For 2016, the Triumph Bonneville has finally shed its air-cooled status and embraced a raft of new technologies that brings the engine of the retro-styled machine truly into the 21st century. It’s a brilliant machine that will no doubt sell like hot cakes, but with such a change there is also a chance for a new bike to become a modern classic. That very well could be steeds like this “new” 2004 Triumph Bonneville. With no electronic aids, no fly by wire and carbies for induction it is perhaps the true bridge between the old classics and the new retro-tech masterpieces. Either way, Macco Motors in Spain sure know how to turn out a brilliant Bonnie of any vintage and this little lady known as ‘Wayra’ sure likes her hair in the wind.
Lordy! What are they putting in the water over there in Lisbon town? One would have to assume it’s a mixture of amphetamines, high-octane racing fuel and a big gob-full of ecstasy. Why? Because it seems that for a country of only 10 million people, they are certainly pumping out some very quick and very beautiful builds. And clearly no-one’s been keeping well hydrated more that Luis and the boys at Maria. Here’s their next build – hot on the heels of August’s muito popular Spitfire bike – it’s a 2001 Bonnie they’ve entitled ‘Lieutenant’.
Spain’s Macco Motors are building a large following with their clean and classic builds of everything from Harley V-Twins to little European 2 Stroke smokeys. But it is there Triumph Bonneville builds that are gaining fans from all corners of the globe and it was this that brought to them Jarlath, a customer from Belfast in Northern Ireland who’d seen the Macco Bonneville’s and had to have one of his own. Who could blame him, Macco Motors build many of the parts themselves, they do everything in-house and all of their builds are first class. Road racing is arguably the national sport in Northern Ireland but with its iffy weather Jarlath wanted a machine that was more than capable in all conditions; Macco delivered exactly that and more, a 2010 Triumph Bonneville delivered across the Irish sea sporting the most fitting of names, “Pilgrim”.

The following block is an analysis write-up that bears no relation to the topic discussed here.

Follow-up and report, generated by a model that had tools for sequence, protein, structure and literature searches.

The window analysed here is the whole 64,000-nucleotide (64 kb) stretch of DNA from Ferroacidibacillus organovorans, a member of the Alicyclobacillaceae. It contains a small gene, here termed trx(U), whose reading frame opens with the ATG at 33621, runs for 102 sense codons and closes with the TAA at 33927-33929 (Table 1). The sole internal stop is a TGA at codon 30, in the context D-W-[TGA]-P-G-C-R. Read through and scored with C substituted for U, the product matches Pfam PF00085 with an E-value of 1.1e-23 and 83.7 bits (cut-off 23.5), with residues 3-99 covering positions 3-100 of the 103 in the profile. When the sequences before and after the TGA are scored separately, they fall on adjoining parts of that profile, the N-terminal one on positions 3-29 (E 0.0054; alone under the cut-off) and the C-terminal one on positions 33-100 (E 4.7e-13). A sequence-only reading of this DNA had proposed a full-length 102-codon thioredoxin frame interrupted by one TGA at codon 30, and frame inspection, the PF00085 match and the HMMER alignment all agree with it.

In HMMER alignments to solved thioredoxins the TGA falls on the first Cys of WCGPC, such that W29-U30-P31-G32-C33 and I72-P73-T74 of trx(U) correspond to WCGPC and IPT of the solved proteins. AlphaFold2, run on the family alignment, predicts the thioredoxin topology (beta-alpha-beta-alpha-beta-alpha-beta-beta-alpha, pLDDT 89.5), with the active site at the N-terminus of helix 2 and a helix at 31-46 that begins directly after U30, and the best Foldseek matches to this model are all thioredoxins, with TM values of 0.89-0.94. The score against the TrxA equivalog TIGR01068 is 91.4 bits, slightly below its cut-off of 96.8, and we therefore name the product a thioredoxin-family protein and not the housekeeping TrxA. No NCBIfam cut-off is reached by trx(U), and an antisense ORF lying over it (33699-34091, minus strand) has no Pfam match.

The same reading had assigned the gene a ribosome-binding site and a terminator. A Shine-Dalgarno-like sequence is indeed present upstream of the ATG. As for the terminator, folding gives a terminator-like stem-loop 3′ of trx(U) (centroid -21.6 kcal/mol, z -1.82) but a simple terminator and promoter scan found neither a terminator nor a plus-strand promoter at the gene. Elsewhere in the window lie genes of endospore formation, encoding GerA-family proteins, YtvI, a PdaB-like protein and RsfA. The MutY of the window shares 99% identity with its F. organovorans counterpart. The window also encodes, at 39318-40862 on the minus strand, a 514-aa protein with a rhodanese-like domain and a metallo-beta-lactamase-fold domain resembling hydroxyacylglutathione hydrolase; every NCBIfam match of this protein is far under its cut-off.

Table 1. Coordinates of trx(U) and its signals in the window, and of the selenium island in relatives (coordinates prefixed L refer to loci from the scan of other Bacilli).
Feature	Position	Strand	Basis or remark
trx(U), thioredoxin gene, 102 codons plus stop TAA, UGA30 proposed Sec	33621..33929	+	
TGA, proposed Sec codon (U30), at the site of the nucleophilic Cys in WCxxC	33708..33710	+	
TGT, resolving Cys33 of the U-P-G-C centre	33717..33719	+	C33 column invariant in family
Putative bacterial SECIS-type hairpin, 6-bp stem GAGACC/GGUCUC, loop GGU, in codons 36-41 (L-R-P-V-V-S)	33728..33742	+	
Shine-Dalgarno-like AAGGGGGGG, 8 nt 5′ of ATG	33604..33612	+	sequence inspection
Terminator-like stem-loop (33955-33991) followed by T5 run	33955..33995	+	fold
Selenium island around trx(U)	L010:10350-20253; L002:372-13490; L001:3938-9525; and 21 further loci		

Unless you’re a recovering hibernation addict, it will not surprise you to hear that the bike style de jour is the oh-so-hot scrambler. With Ducati having thrown their hat into the (dirt) ring with a new model late last year and BMW looking to follow suit soon, it seems the world’s bike buying population has developed a real taste for dust. But what if you wanted something a little more trick? Something that said more ‘you’ than ‘me too’? Well then, you’d probably be in the market for something like this…
Portugal’s Maria Motorcycles has a glowing reputation for building quality custom motorcycles that leave no stone unturned in their pursuit of perfection. So it was no surprise when they got a call from a Triumph Bonneville aficionado who had a 2001 model he wanted built to scrambler spec. So confident was the owner, he gave Maria no design brief but having previously built a Spitfire-themed Bonnie the boys had the bright idea to again follow the World War II angle. Only this time with something from the other side of the Channel, a German-themed military spec vehicle that goes by the name of Luther.